Ongoing Struggle with Meningitis W135 in Chile

On June 13, 2013, the Ministry of Health of Chile confirmed yet another case of Neisseria meningitidis serogroup W135 in a child from the Metropolitan Region. The child is the latest victim of the ongoing outbreak that hit the country in 2012. In 2013 alone, 24 cases and six deaths have been reported. The Minister of Health, Dr. Jaime Mañalich, has described W135 as "here to stay and very difficult to eradicate."

The severity of W135 has public health authorities concerned about the public health impact that an epidemic of W135 could have on the Chilean population.

Broadly, meningitis is characterized by the inflammation of membranes surrounding the brain and spinal cord. There are various types of meningitis that can affect humans: bacterial, viral, parasitic, fungal, and non-infectious. The most common type of meningitis in the United States, viral, is typically transmitted by enteroviruses that can spread easily due to contact with fecal matter (so, wash your hands) or respiratory secretions (and sneeze into your elbow). Often, its symptoms of fever, headache, and neck stiffness are mild and usually clear up without treatment. In contrast, bacterial meningitis may develop into meningococcal disease and lead to severe consequences, including death, if left untreated. Fortunately, we have vaccines that can protect against infection of many of the most common serogroups of meningitis, including W135.

A serogroup of bacterial meningitis, W135, shares many similarities with viral meningitis regarding symptoms, but markedly differ in transmission, incubation, and health consequences. Both viral and W135 strains can cause symptoms such as nausea, vomiting, diarrhea, headache, and sensitivity to light. W135 is harder to transmit than viral meningitis, however, requiring an extended period of close contact with an infected individual. Once transmitted, W135 can incubate earlier and longer (two to ten days) compared to viral serogroups (three to six days) until producing symptoms. While the effects of viral meningitis are short-term, W135 may cause long-lasting brain damage and hearing loss even after successful treatment.

The emergence of W135 in Latin America is a fairly recent development in the history of meningitis on the continent. Typically, serogroups B and C have been the most prevalent strains of bacterial meningitis in the region, while W135 only appeared in isolated international outbreaks. Meningitis-causing bacteria are separated into different serogroups depending on their structure. There are six different serogroups: A, B, C, W135, X and Y. A shift toward greater prevalence of W135 coincided with the outbreak of a hypervirulent strain of W135 associated with the 2000 and 2001 Hajj pilgrimage. As a result of the Hajj-related outbreak, many countries across the world saw a spike in W135 prevalence, including Chile, Argentina, and Brazil. By 2011, prevalence of W135 had risen from 0 percent in 2001 to 31 percent of meningococcal disease cases in Chile.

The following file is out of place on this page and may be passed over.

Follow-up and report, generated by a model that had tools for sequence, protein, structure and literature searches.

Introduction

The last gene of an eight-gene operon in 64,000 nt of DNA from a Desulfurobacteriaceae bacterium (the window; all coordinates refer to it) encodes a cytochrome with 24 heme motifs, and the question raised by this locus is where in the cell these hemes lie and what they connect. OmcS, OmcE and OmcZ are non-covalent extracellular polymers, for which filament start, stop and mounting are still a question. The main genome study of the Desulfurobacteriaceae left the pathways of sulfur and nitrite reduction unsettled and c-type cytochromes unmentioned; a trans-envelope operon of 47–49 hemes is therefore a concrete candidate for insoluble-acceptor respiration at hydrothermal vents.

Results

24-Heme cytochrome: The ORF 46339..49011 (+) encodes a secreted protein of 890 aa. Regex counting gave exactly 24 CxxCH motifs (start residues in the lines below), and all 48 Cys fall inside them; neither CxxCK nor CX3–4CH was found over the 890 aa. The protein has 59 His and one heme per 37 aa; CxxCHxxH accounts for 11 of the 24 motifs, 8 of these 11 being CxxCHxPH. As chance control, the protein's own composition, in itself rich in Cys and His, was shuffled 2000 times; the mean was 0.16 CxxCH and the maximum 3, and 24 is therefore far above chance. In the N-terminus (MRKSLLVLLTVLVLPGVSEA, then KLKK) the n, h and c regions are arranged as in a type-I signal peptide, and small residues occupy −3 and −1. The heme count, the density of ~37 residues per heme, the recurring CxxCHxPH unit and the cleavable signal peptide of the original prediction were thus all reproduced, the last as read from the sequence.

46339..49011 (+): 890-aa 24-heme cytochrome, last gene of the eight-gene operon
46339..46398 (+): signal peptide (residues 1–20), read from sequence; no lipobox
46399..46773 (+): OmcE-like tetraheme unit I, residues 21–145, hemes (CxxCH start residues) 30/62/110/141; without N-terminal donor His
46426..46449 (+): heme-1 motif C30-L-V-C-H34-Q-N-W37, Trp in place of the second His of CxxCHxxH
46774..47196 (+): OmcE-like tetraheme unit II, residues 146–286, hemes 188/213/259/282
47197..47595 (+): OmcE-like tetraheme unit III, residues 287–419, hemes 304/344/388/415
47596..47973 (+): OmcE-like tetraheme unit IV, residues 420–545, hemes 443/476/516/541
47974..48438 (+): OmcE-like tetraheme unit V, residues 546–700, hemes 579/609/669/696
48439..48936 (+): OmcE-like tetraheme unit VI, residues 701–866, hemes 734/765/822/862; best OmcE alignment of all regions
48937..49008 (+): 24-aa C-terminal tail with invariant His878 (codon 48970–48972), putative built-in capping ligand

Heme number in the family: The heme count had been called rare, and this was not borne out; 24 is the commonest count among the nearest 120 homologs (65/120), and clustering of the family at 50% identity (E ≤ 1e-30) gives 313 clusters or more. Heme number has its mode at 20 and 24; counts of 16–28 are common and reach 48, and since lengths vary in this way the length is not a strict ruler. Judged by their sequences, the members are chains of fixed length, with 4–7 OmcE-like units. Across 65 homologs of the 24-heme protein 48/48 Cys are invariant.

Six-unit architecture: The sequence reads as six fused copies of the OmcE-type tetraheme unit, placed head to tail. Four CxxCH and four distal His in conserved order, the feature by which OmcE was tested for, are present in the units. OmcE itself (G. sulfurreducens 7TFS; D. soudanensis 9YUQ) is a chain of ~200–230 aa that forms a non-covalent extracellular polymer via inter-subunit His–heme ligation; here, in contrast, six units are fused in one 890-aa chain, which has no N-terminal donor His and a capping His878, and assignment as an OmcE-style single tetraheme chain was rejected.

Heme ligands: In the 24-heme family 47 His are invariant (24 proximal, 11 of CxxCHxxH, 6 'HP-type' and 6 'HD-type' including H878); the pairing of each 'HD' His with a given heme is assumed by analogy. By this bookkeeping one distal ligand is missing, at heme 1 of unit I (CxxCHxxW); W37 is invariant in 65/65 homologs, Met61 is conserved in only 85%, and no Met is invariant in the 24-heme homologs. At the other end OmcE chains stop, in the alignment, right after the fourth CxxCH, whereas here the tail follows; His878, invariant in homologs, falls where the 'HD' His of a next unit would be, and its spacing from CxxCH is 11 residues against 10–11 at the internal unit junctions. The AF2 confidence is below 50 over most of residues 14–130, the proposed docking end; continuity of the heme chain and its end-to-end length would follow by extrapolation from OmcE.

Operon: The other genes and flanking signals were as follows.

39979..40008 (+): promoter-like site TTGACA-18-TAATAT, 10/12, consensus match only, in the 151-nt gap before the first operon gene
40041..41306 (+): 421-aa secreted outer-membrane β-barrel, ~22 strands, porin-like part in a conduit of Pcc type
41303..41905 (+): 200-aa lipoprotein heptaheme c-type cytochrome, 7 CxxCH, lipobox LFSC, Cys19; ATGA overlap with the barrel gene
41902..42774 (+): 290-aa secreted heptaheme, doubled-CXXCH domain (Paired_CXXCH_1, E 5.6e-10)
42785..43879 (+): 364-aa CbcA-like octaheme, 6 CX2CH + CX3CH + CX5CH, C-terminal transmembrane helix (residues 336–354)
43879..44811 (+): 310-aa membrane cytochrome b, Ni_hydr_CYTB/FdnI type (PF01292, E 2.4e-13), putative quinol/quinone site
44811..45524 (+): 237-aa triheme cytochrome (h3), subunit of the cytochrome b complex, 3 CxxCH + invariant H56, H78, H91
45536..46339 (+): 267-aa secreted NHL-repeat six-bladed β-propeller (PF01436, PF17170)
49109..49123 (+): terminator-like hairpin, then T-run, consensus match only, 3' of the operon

In response to the outbreak, the Ministry of Health initiated a “W135 Action Plan” in October 2012 to prevent further spread of the disease. The central pillar of the action plan is a mass vaccination campaign targeting children between nine months and five years of age, who are considered to be most vulnerable to the disease. The first phase of the campaign succeeded in vaccinating 100 percent of the target group across the country. Currently in its second phase, the campaign seeks to provide a second dose of vaccine to all children under the age of two. As of June 1, 2013, the Ministry of Health will expand the vaccination campaign to 30,000 health workers who come into frequent contact with children. The vaccination is being provided at no charge to these high-risk groups.

The government response to W135 is not without criticism. “The first phase of vaccination was chaos,” writes Dr. Francisca Rojas, a medical resident working in Santiago, Chile, in an email exchange. “In a few weeks, the government transitioned from a passive position (initially the government considered the vaccination unnecessary or its efficacy unproven) to mass vaccination,” she wrote. A shortage of vaccine in the public and private health sectors led to long lines outside health clinics and pre-schools where parents were told their children could be vaccinated. The situation was further aggravated by the rise in emergency room visits due to parents fearing their child was symptomatic of W135. Rojas blames media sensationalism and a lack of public education regarding W135 for the panic that ensued.

Despite criticism, the Ministry of Health sticks to the efficacy of their approach. The newly appointed Secretary of Health of the Bío Bío Region, Monica Campos Avello, credits the mass vaccination campaign for the absence of new cases in the Bío Bío Region since April. In an email exchange, Campos affirmed the acts of the Ministry of Health by writing, “The measures of the vaccination campaign have been correct. We haven’t had more cases, and we will continue vaccinating children year-round who turn nine months of age.”




“Meningitis 1-135: ISP confirma nuevo caso” La Tercera

“ISP confirma nuevo caso de meningitis cepa W-135” 24 Horas

Mañalich y aumento de casos de W-135: "El microbio llegó para quedarse y será muy difícil erradicarlo" La Tercera

“Meningitis” Centers for Disease Control and Prevention

“Meningococcal meningitis” World Health Organization 

“Plan de Accion W-135”  Chile Ministry of Health

Sáfadi, M., González-Ayala, S., Jäkel, A., Wieffer, H., Moreno, C., & Vyse, A. (2013). The epidemiology of meningococcal disease in Latin America 1945–2010: an unpredictable and changing landscape. Epidemiology and Infection, 141(03), 447-458.

“Amplían vacunación contra la meningitis W-135 a los funcionarios de la salud” Universia

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